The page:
- Learn what the different division levels mean. You’ve probably seen information about the NCAA, NAIA and NJCAA. These are the governing bodies that set the academic requirements and recruiting rules for each of their member schools. And, within the NCAA, there are three different division levels—Division 1, Division 2 and Division 3. Generally speaking, D1 schools are the most athletically competitive, followed by D2 and D3. NAIA schools are often compared to lower level D2 schools in terms of their athletic competitiveness. Each division level offers its own unique college experience, and it’s worth investigating each one to find the right fit for your athlete.
- Research the academic eligibility requirements to compete in the U.S. The NCAA and NAIA have specific documentation requirements for international student-athletes to be academically eligible to compete in college sports. If you’re interested in NCAA D1 or D2 sports, review their academic requirements. For NAIA schools, you can learn more about the requirements here.
- Understand the types of scholarships available. Depending on your athlete’s sport, division level and athletic talent, they might get offered an athletic scholarship that will cover all of their tuition or part of it. In general, most athletic scholarships only cover a portion of the school’s tuition and fees, but there are plenty of other scholarship opportunities available for high-academic students or other specific criteria.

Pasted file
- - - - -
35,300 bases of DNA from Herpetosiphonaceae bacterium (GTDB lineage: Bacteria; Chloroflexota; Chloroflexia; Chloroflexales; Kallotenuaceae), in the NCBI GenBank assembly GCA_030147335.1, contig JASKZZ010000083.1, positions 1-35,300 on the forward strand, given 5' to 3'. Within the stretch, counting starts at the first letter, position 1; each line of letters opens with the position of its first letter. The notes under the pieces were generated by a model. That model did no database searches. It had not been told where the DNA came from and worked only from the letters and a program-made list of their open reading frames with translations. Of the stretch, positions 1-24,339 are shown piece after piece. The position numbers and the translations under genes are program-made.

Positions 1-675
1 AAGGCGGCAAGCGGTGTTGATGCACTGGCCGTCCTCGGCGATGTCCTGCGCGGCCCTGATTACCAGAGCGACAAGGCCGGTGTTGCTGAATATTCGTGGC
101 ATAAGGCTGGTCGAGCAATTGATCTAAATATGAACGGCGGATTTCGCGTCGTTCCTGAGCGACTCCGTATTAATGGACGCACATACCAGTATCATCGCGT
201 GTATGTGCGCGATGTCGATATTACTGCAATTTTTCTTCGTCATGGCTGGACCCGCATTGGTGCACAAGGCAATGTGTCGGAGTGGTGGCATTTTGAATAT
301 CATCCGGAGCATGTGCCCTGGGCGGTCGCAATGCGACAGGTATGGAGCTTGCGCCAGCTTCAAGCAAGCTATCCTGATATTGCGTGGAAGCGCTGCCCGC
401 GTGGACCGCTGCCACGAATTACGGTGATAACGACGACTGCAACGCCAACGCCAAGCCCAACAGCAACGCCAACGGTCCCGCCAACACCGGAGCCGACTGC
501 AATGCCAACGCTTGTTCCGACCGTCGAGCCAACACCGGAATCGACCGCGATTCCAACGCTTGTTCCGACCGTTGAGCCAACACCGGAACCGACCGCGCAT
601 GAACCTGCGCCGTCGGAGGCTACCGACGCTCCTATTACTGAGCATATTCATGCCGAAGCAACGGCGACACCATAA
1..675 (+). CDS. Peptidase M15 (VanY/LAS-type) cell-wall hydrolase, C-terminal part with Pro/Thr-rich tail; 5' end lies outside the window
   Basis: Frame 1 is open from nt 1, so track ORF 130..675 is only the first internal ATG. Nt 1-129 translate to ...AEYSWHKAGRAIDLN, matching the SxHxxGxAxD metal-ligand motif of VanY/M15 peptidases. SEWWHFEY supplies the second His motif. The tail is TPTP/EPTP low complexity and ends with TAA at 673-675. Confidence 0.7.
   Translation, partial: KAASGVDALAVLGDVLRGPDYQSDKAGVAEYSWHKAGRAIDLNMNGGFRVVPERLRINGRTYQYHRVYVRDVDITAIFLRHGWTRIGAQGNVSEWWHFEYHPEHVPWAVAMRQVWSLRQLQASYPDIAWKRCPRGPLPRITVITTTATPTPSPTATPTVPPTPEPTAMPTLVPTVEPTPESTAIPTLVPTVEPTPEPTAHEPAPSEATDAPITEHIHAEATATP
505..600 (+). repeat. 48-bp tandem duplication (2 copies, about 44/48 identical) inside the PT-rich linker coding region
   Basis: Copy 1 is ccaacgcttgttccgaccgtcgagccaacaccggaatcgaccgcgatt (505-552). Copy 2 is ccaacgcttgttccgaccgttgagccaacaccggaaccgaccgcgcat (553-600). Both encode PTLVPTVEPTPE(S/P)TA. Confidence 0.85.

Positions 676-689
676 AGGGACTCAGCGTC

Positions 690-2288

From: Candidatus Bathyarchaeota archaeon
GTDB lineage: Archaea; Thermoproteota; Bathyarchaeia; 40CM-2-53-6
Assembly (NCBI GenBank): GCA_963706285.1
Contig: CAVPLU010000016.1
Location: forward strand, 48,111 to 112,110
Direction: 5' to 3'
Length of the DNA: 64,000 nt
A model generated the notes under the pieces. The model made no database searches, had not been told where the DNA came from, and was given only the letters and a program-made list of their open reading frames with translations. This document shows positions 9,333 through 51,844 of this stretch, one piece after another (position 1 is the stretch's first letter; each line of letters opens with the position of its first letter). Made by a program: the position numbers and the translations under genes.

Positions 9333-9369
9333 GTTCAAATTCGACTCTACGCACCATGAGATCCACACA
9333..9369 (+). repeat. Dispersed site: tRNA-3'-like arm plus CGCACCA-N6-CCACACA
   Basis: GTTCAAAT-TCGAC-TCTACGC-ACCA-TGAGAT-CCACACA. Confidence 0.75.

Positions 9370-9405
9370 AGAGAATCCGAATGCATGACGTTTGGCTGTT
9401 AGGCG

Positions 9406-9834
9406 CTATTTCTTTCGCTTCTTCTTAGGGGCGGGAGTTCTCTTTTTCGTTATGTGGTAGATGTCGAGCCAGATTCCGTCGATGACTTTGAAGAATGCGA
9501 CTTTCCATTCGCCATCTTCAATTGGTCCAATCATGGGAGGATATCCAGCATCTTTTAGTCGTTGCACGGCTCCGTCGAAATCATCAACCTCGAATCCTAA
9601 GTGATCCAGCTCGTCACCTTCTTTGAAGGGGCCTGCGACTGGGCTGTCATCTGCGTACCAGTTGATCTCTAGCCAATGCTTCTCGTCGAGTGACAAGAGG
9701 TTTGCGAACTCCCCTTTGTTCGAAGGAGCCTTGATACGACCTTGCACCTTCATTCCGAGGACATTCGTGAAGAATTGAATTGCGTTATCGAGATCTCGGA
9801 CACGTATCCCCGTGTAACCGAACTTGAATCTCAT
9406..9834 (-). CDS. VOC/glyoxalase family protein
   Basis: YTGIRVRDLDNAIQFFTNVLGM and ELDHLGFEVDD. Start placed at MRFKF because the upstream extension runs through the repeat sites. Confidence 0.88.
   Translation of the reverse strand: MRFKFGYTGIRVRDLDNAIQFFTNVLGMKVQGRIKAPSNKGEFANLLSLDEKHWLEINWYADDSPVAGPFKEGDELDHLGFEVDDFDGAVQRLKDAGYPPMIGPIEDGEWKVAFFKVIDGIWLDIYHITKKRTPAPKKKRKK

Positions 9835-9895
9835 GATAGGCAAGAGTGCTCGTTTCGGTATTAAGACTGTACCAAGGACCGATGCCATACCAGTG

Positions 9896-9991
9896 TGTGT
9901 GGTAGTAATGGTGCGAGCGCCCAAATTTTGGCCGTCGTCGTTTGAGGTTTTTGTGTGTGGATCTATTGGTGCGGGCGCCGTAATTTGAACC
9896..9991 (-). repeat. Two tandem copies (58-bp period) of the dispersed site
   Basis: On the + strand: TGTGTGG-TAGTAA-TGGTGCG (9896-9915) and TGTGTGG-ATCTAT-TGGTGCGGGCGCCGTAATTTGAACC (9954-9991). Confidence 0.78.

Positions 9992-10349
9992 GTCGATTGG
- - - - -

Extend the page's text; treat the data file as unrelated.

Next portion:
- Learn about what life is like on different U.S. college campuses. While it may seem insignificant, make sure you look into the weather of different regions, campus diversity, whether schools are in a big city or a small town. These are all important factors to consider when helping your athlete find the right fit.
Research the academic eligibility requirements to compete in the U.S.
The NCAA and NAIA have specific documentation requirements for international student-athletes to be academically eligible to compete in college sports. If you’re interested in NCAA D1 or D2 sports, review their academic requirements. Here are a few quick highlights to get you started:
- You must provide your academic records for years nine and up, in your native language and in English
- The NCAA will also need proof of graduation, including certificates, diplomas or final leaving exams
- Your athlete must take the ACT or SAT standardized test and send your scores to the NCAA
- There are certain country-specific requirements and documentation. Find the requirements for your country.
- NCAA schools issue Form I-20 visas, not the NCAA. You must work with the school recruiting your athlete to secure their visa. If your student-athlete requires an F1 student visa, they must meet the specific requirements for eligibility, financial ability and academic status.